Tristen Newton | UConn | Guard | 6-5 | Graduate

There's no way we're listing a First Team All-America and not including someone from the best team in the country — and that is still playing for the national championship. Newton didn't come to this late, either. Within the first few weeks of the season, Newton's leadership and stats backed up the case that he was UConn's most important player. He's also the Huskies' most dangerous threat for a triple-double (and with three, is the school's all-time leader). Newton averaged 15.0 points, 6.7 rebounds and 6.1 assists: the only guy in the sport to average at least 15/6/6. Though surrounded by future first round picks (Stephon Castle, Donovan Clingan), Connecticut's modus operandi starts with Newton. He played on a Final Four stage a year ago and will bring his understated swagger to that spotlighted floor this weekend. It would be no surprise if the 35-win Huskies won two more games, and in doing so, Newton added to his trophy case with a Most Outstanding Player honor. — MN

2023-24 CBS Sports All-America second team

Terrence Shannon Jr., | Illinois | Guard | 6-6 | Fifth year 

Shannon finished second in scoring in the Big Ten this season with 23.0 points per game, behind only Player of the Year Zach Edey. He served as the catalyst for a top-five Illinois offense that powered the program to its first Elite Eight since 2005. — Kyle Boone

Mark Sears | Alabama | Guard | 6-1 Senior

Alabama had the highest-scoring offense in college basketball this season, and Sears was the straw that stirred the drink in Tuscaloosa. He averaged 21.5 points, 4.1 boards and 4.1 assists per game while hitting a career-best 43.4% from 3-point range. — KB

Tyler Kolek | Marquette | Guard | 6-3 | Senior

Kolek led college basketball in assists per game this season and assist rate in a career year when he flourished as the No. 1 playmaking option for Marquette's high-octane offense. He finished the year with career-highs in scoring (15.3 PPG), assists (7.7 APG) and rebounds (4.9 RPG) on a per-game basis. — KB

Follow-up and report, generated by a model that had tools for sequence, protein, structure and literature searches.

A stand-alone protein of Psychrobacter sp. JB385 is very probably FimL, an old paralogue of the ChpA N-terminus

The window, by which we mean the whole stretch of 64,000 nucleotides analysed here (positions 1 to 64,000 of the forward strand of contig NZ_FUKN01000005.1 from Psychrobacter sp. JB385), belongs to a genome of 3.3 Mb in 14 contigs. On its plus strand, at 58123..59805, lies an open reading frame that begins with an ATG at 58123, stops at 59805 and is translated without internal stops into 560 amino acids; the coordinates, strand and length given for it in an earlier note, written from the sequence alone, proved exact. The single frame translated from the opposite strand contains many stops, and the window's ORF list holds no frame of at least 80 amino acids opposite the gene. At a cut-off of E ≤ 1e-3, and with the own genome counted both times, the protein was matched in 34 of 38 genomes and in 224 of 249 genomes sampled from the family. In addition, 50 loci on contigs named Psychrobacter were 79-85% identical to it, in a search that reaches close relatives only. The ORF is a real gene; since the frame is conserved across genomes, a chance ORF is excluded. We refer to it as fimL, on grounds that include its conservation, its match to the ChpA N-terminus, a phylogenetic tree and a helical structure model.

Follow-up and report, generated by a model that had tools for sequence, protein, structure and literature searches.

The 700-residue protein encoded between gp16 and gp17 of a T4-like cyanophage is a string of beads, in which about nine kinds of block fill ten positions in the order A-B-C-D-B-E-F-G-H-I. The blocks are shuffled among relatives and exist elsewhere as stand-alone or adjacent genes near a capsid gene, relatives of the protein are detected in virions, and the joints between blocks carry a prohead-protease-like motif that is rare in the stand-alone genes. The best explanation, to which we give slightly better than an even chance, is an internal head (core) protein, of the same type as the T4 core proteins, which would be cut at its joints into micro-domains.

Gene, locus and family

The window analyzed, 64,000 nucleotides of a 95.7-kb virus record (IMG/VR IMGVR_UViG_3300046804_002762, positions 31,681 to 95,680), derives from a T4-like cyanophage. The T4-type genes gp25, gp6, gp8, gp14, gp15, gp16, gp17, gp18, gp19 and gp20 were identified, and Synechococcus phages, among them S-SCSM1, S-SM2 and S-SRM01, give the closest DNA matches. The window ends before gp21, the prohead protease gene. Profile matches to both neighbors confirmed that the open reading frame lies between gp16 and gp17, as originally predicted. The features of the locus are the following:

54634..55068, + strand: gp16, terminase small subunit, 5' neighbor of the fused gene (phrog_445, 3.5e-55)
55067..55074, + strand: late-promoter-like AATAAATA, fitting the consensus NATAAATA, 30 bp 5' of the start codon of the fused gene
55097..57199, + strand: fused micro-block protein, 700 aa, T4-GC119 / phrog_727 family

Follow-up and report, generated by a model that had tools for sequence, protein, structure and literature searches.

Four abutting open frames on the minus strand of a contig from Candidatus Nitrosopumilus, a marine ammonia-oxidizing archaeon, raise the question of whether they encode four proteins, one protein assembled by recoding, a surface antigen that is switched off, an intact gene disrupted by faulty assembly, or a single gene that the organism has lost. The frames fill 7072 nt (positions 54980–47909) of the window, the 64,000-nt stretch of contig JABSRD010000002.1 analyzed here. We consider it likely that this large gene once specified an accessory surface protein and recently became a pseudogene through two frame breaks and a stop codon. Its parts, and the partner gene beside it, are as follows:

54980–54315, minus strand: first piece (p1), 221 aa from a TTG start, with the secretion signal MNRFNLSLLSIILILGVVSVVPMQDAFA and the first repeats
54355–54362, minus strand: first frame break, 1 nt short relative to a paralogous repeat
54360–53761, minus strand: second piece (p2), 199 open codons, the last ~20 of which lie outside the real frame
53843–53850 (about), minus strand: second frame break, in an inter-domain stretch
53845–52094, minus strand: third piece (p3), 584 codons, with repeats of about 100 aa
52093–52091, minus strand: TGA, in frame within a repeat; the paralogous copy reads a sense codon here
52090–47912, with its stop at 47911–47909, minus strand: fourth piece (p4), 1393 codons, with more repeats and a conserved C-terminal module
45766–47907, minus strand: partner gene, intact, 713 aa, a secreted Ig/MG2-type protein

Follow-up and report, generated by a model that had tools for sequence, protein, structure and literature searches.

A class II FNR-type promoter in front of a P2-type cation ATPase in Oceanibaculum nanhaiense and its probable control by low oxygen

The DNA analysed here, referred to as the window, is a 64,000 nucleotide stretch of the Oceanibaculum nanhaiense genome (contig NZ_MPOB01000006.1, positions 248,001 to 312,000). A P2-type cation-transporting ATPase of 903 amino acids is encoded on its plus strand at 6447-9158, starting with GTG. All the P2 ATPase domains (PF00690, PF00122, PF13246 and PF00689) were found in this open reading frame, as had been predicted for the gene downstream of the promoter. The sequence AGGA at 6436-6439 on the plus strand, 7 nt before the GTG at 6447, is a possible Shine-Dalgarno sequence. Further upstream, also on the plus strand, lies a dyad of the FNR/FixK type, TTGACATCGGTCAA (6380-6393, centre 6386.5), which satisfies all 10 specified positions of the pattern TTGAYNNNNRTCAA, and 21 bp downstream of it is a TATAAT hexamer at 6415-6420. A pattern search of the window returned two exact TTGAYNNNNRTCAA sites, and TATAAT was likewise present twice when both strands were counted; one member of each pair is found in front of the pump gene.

Jaedon LeDee | San Diego State | Forward | 6-9 | Senior

In a deep and loaded Mountain West this season, LeDee stood out as the league's best talent and stepped up to the plate when the lights were brightest. He finished as the leader in the MWC in points by nearly four per game and turned in 58 points and 17 boards in SDSU's first two tourney wins before getting bounced by UConn. — KB

Kyle Filipowski | Duke | Center | 7-0 | Sophomore

Duke's best team of the young Jon Scheyer era was a credit to the development and star turn of Filipowski. The sophomore big improved significantly as a shooter, shot-blocker and passer, all while taking on a bigger role within the Blue Devils system. He finished top-10 in points, rebounds and blocks per game among all ACC players and was consistently Duke's most reliable weapon. — KB

2023-24 CBS Sports All-America third team

DaRon Holmes II, Dayton | Forward | 6-10 | Junior 

Holmes carried Dayton to the second round of the NCAA Tournament by averaging 20.4 points, 8.5 rebounds and 2.1 blocks per game. The dynamic forward has been a star for three seasons but took it to the next level as a junior. — David Cobb

Hunter Dickinson | Kansas | Center  | 7-2 | Senior

After three standout seasons at Michigan, Dickinson averaged 17.9 points and 10.9 rebounds as one of the nation's top impact transfers at Kansas. He gave the Jayhawks an element of interior play they lacked in 2022-23. — DC

Baylor Scheierman | Creighton | Guard | 6-7 | Senior

Scheierman shined as a shot-maker for Creighton in his second with the program after spending three years at South Dakota State. His well-rounded offensive game propelled the Bluejays to the Sweet 16. — DC

Caleb Love | Arizona | Guard | 6-4 | Senior

Love enjoyed a renaissance at Arizona, upping his shooting percentage to 50.2% and scoring average to 18 per game after transferring in from North Carolina. He led the Wildcats to a Pac-12 title and Sweet 16 appearance. — DC  

Donovan Clingan | UConn | Center | 7-2 | Sophomore

Clingan was at his best in big postseason moments, producing 22 points and 16 rebounds in the Big East Tournament title game. He also finished with 22 points, 10 rebounds and five blocks in UConn's Elite Eight win over Illinois. -- DC